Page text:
Hopefully, by this point in the series you have begun to make some connections in your body through awareness of your posture and breath and how daily movements feel when practicing them. Congratulations, you have already begun to discover the mind/body connection!
This week, we will take a look at how this connection helps to improve your proprioception and is integrated into your tennis game.
Mindfulness is about being present in the moment without judgment of yourself. Have you ever found yourself up 40-love and you end up losing the game which potentially leads to losing the set and the match? What actually happened here? You were one point away from closing the game out and that could have been the difference between winning and losing the match. Somehow your mind got ahead of you and in your mind you had won the game, set and match. Sound familiar? How many times have you missed hitting a ball you thought was going out only to have it land two feet inside the baseline because you weren’t quite sure where you were on the court. These are not uncommon scenarios for tennis players, but what do they really mean and what can be done to lessen their occurrences?
Mindfulness is not only being aware of your body but also of your attitude Yoga benefits athletes by teaching self-control through breath, focus through drsihti points (focal points) and calmness again through breath work.
Proprioception is knowing where you are in space and time; essentially, knowing the location of your body parts without having to use your vision to find them. The proprioceptive system is one of the three systems in the body that contributes to balance. Proprioceptors are sensory and motor nerves that send and receive muscle impulses to and from the Central Nervous System (CNS). These impulses are sent from within the skin, muscles, joints and tendons. Once received, the brain then determines how much muscle tension is needed during any given moment. Progressive balance training is used to strengthen an athlete’s proprioception.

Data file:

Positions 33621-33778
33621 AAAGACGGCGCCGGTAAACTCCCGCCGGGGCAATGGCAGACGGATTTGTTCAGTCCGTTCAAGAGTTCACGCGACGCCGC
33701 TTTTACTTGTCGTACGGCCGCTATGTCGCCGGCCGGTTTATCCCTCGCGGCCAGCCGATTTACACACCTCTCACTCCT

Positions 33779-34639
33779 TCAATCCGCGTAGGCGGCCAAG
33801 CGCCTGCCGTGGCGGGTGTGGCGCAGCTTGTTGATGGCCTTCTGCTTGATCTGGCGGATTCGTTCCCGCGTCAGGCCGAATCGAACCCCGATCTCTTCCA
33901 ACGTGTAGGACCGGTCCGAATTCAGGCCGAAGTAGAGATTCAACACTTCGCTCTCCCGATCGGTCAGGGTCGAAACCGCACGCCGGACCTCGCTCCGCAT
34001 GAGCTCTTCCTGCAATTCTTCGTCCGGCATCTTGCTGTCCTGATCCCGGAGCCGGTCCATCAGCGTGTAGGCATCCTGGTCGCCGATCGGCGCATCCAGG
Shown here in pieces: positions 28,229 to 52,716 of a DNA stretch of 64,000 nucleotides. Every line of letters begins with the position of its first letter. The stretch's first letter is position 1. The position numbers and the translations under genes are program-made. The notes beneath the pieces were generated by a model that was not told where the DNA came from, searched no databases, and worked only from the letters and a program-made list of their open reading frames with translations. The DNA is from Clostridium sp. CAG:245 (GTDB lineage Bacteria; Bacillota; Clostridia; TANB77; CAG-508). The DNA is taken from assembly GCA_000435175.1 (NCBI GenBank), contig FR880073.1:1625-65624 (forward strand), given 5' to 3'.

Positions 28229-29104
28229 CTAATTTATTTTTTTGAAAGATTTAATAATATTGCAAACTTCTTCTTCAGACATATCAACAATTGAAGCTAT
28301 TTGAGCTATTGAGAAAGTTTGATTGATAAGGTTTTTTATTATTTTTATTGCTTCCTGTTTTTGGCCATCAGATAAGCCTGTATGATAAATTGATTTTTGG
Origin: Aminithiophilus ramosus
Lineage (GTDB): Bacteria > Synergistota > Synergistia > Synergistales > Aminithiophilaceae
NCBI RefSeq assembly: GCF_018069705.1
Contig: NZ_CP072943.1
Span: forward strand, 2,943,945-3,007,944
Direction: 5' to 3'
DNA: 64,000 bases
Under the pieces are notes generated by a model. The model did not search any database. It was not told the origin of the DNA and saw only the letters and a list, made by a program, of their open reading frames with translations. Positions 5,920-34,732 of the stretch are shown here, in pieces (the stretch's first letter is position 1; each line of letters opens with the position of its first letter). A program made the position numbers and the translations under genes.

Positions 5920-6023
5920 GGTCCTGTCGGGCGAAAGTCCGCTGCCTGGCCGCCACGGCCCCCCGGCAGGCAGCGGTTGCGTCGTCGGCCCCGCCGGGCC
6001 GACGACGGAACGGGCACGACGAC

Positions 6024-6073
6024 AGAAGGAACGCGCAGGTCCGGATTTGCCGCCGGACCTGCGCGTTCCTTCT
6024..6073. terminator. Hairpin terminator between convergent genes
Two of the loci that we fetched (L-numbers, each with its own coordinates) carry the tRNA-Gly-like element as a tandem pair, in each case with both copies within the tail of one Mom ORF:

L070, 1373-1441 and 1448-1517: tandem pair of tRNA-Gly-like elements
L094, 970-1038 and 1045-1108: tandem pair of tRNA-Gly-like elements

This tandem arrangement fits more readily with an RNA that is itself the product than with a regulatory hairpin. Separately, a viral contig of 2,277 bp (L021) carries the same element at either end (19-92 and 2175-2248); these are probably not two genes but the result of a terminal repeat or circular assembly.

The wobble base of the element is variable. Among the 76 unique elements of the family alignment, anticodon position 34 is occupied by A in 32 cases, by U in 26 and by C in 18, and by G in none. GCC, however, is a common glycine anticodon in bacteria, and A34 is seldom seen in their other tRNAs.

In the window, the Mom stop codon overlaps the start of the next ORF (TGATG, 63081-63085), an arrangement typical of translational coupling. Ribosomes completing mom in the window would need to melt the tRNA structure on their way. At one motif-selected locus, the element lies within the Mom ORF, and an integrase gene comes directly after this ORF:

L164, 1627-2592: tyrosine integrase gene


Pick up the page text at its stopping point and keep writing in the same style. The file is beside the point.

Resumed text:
Improving proprioception gives an athlete the ability to fine-tune many court skills including change of direction and coordination. Having good balance also decreases your risk for injury by keeping the muscle tissue healthy.
To begin to bring mindfulness into your balance training, remove your shoes and socks and stand bare footed on the floor.
Notice what the floor feels like under your feet. Begin to notice how your body feels standing. Most often, before I do any movement practice, I tend to feel all my joints as separate units. I feel my ankle, my knee and my hip as opposed to feeling my whole leg as one fluid unit.
Close your eyes and notice what happens to your body. Does your body stay still or begin to sway a bit? If your body swayed, it was because so much of our balance is achieved through our vision.
Take a moment and go back to the rolling the ball under your bare feet technique (see week 2 blog).
Begin with rolling your right foot and notice the sensations you feel in your foot after rolling. What does your leg feel like all the way up to your hip? How does your right leg feel different from your left leg? There are no right or wrong answers here, everyone will feel something different but remember you are waking up the sensations in your body and getting the blood flowing.
After rolling both feet, stand with your eyes closed again. Notice if your body is still swaying or do you feel more stillness and balance?
Mindfulness is about consciousness but it also about the connections made throughout the body and our ability to awaken the sensations that give us the opportunity to understand this connection. Yoga teaches us to slow ourselves down, integrate breath into our activities as well as awaken the sensory and motor nerves to activate the proprioceptors in our body which transfers onto the court to improve our movement and performance. It is through mindfulness that we can improve our balance, focusing on what it feels like instead of what it should look like. Next time you are up 40-Love, take a moment and try focusing on what that next point feels like and see what happens but always remember tennis, like yoga is a practice!